Among the many touted applications for virtual reality in the enterprise, team collaboration is the one that seems to be gaining traction fastest. The idea is that members of distributed teams can put on headsets and beam into virtual meetings.
That sounds a little prosaic, and it won't replace video conferencing anytime soon, but VR really does offer some powerful collaboration potential. The immersive environment allows team members not only to meet virtually, but also to share and work on rich 3D presentations and data visualizations in real-time. Designers can sculpt virtual clay together, and architects can bring blueprints to life and make design decisions collaboratively and on the fly.
For the experience to feel realistic (and not, frankly, completely silly), developers need to solve a crucial but easy to overlook challenge: How to enable users to quickly create realistic avatars that don't look like pre-Pixar computer animation.
At this year's VR/AR/MR World expo, which wrapped up earlier this month Tokyo, Japanese communications giant SoftBank demoed a VR communication and social platform called Epic Play Live. The most compelling feature is the ability to personalize realistic avatars.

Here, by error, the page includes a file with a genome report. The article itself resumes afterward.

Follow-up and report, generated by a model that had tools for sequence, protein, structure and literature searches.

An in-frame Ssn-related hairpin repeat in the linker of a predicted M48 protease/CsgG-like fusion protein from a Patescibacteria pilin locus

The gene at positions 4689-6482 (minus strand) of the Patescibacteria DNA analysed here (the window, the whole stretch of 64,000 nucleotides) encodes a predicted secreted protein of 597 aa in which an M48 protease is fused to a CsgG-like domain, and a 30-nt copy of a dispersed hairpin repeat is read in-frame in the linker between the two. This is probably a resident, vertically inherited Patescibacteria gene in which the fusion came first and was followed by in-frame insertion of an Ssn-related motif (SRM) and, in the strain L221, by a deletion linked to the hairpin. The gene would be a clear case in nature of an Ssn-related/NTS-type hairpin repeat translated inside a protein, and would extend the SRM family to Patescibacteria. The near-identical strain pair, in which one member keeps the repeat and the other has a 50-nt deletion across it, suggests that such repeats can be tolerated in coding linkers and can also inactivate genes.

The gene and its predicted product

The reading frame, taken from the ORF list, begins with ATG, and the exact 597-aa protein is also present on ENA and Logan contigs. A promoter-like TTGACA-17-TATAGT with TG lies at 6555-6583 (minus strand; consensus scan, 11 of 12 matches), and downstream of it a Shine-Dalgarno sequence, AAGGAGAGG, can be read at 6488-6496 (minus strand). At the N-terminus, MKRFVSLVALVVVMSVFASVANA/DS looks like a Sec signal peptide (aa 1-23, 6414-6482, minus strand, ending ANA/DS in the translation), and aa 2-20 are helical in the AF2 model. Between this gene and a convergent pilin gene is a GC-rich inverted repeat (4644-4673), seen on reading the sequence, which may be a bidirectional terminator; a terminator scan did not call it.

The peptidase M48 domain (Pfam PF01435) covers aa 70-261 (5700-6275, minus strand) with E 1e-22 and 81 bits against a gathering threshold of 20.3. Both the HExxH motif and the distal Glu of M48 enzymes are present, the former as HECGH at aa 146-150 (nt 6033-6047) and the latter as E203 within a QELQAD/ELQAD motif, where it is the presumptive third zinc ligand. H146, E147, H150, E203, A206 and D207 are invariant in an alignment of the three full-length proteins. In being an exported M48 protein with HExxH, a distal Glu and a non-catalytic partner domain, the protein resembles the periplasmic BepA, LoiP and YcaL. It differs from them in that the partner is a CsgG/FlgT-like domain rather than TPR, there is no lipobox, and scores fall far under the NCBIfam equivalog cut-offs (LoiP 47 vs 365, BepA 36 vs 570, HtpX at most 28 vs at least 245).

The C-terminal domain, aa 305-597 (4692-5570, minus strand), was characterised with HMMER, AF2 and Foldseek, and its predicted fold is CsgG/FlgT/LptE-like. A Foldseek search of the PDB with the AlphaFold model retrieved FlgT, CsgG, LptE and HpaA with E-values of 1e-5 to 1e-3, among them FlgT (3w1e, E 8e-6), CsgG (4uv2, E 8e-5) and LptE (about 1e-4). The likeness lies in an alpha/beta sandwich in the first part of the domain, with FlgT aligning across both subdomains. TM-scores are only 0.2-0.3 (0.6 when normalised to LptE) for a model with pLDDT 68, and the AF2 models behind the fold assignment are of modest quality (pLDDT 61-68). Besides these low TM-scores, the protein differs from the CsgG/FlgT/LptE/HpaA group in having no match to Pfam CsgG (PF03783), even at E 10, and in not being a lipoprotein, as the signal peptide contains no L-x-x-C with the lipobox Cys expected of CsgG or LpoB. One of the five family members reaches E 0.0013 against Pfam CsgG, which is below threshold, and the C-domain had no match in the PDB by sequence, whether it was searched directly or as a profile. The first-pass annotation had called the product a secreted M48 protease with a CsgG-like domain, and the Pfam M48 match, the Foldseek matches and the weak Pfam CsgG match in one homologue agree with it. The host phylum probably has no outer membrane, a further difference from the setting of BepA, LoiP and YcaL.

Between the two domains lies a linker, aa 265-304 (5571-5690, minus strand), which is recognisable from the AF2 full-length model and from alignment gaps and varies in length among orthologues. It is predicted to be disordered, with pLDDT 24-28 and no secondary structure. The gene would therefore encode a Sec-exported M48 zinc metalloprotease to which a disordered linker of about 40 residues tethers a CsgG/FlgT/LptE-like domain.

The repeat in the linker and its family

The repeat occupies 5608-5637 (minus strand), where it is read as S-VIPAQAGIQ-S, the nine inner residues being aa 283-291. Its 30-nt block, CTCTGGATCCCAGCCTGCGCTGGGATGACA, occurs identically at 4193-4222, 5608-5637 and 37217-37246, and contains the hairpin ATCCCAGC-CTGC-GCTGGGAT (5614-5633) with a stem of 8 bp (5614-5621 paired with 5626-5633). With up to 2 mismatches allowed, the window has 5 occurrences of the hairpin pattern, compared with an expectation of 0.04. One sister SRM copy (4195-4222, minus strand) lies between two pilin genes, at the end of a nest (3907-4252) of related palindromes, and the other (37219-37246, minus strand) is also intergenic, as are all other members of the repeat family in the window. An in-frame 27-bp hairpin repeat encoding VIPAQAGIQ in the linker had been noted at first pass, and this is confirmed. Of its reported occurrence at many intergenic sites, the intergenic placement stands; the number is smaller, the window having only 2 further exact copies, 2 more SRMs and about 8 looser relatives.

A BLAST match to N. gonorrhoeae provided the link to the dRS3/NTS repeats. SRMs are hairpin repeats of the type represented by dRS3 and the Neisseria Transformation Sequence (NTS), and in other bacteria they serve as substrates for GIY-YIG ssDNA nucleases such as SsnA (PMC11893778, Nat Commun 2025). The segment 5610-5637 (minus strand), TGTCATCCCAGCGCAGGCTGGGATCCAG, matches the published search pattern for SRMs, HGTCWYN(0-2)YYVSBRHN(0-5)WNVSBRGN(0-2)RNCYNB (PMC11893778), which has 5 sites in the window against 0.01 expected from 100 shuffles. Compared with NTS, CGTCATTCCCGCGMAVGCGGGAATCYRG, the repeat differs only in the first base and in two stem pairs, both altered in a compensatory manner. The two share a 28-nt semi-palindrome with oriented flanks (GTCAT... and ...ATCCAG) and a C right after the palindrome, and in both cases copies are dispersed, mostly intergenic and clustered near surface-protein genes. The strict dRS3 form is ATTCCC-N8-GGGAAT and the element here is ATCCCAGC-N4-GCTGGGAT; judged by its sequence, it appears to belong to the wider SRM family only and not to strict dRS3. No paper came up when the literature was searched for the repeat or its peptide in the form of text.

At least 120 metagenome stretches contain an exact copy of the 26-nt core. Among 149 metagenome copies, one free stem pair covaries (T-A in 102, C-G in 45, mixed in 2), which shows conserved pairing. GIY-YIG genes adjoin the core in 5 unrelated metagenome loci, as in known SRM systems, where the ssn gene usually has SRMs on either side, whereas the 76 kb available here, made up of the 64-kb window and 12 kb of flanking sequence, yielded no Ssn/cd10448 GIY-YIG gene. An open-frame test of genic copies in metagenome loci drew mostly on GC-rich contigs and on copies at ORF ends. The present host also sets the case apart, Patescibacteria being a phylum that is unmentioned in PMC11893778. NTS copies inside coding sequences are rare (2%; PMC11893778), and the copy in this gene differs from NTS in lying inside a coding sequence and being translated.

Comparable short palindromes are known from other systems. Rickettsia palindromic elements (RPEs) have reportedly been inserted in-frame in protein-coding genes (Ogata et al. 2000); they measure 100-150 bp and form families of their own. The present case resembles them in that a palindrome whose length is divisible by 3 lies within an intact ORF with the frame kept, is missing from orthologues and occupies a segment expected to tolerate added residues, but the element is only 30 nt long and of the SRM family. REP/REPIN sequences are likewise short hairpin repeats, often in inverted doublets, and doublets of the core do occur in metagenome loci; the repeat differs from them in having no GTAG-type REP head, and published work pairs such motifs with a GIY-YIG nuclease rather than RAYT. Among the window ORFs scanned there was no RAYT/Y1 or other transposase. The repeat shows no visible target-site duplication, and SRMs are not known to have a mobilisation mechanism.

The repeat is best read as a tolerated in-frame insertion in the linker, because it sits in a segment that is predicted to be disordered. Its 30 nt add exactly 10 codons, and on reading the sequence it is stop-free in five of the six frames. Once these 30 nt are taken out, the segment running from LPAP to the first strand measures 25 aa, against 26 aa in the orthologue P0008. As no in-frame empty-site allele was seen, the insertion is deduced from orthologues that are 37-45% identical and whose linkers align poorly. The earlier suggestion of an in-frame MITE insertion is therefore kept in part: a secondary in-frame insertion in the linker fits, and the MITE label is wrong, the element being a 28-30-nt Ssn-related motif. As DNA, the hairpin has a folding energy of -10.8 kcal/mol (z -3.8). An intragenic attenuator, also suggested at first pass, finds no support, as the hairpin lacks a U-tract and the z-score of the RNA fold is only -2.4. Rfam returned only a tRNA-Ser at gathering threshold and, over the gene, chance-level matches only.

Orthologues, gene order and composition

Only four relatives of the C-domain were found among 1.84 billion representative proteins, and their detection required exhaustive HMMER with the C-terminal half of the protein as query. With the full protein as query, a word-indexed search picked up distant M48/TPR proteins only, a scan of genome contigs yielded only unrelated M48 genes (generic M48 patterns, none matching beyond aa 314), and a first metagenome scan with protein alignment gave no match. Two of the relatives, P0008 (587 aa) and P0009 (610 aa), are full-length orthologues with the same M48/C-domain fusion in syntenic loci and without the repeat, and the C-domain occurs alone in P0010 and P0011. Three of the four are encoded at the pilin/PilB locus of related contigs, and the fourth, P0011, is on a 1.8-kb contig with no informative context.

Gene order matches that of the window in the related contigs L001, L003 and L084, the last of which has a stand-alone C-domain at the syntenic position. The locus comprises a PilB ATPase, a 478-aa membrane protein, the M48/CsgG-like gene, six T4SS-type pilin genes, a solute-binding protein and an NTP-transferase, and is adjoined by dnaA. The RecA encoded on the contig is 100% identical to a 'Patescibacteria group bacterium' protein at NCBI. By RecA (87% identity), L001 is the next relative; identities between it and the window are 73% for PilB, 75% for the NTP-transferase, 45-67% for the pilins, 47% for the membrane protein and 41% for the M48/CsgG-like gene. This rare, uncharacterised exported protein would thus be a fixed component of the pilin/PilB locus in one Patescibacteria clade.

To develop the technology, SoftBank teamed up with three newer industry players: ObEN, an AI company specializing in personalized AI technology, Salin, an AR/VR social platform provider, and wrnch, which captures and digitizes human motion.
"VR is an incredibly versatile platform that can transcend space and distance, bringing us closer together in a new virtual medium," said ObEN CEO Nikhil Jain. "The technology depicted in movies, where colleagues all over the world can have virtual meetings as if they were in the same room, or friends hang out in a virtual clubhouse when they are hundreds of miles apart, that is what we are building with Epic Play Live."
To create 3D avatars, users start with a selfie and a short voice recording made on their mobile device. ObEN's avatars are designed to look and sound like each individual user. Motion capture technology from wrnch brings the avatars to life in Salin's VR environment. Users are able to see, speak to, and interact with the lifelike counterparts of their colleagues, friends or families, with movements captured in real-time from their smartphone camera.
The platform is part of the SoftBank Innovation Program. It's only a prototype, but a future is likely in offing when it will become standard to send a 3D delegate into virtual reality. One of the primary roadblocks VR faces is that right now it's primarily an individual experience.
Once VR becomes another social channel, adoption is expected to surge.